This past week, I finally dove into Atlas and began “mapping out” how I see my sixth grade ELA curriculum. I’ve mostly started my focus on literature and have been slowly fleshing out the ideas. I will say this: this kind of activity does make you think and reconsider the goals that you have in mind around lesson plans and unit development, and I struggled at times with coming up with Essential Questions (those overarching ideas) that are the foundation of the teaching. It’s been interesting, and I’m glad I finally started into it.

You can even “test drive” Atlas yourself.

Peace (in the curriculum map),


Keyboarding Skills and the Common Core


You might not even notice it, tucked away as it is within one of the strands of the Writing elements of the Common Core, but there is a sentence in there that has me wondering. It reads, “…demonstrate sufficient command of keyboarding skills to type a minimum of three pages in a single sitting.”

The other day, I had my students type out a reading response on the computers, in part so that I could (again) remind them about how to leverage the tools of Microsoft Word (spelling, grammar, formatting) for their own writing. The response was to a standardized testing piece of reading (about siblings) and they had done a draft version the day before in their Writing Notebooks.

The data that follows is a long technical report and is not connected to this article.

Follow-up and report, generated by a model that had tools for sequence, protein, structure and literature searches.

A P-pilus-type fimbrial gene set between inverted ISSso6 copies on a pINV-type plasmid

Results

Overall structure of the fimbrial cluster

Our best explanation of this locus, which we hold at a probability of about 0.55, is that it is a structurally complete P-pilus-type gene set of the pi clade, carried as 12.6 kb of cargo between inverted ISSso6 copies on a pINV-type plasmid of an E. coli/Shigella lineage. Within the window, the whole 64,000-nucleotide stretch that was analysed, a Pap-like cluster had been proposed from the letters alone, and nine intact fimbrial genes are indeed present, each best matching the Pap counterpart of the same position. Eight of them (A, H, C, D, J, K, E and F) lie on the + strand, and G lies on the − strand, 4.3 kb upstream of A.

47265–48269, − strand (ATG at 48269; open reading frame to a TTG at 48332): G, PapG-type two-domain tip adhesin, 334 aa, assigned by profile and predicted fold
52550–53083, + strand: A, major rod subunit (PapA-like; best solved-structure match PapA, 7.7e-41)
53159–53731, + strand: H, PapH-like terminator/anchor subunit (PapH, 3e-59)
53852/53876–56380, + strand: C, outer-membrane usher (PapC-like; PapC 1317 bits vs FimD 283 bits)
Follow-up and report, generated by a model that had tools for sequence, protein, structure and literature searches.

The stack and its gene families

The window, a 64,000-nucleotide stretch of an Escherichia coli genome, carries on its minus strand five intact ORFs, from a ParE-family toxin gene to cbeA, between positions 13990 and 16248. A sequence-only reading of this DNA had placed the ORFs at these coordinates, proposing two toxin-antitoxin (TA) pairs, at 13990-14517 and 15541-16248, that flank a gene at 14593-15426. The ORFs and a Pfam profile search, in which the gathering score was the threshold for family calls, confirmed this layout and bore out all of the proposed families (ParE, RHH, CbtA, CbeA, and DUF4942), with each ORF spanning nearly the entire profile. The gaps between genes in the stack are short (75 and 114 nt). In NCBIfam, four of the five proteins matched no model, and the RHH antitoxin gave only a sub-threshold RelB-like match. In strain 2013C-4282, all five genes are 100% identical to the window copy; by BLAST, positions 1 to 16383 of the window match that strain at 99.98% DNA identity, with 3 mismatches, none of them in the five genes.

On this day, they began to type and I was curious to see their skills at the keyboard. It wasn’t so great. Some students took almost 45 minutes to write a single paragraph. Most were hovering over their keyboards (ergonomic alert!) with a single finger jabbing at keys, their eyes darting from paper to computer. When I asked how many had ever used any kind of keyboarding system, only a few raised their hands. Most of the programs were online games.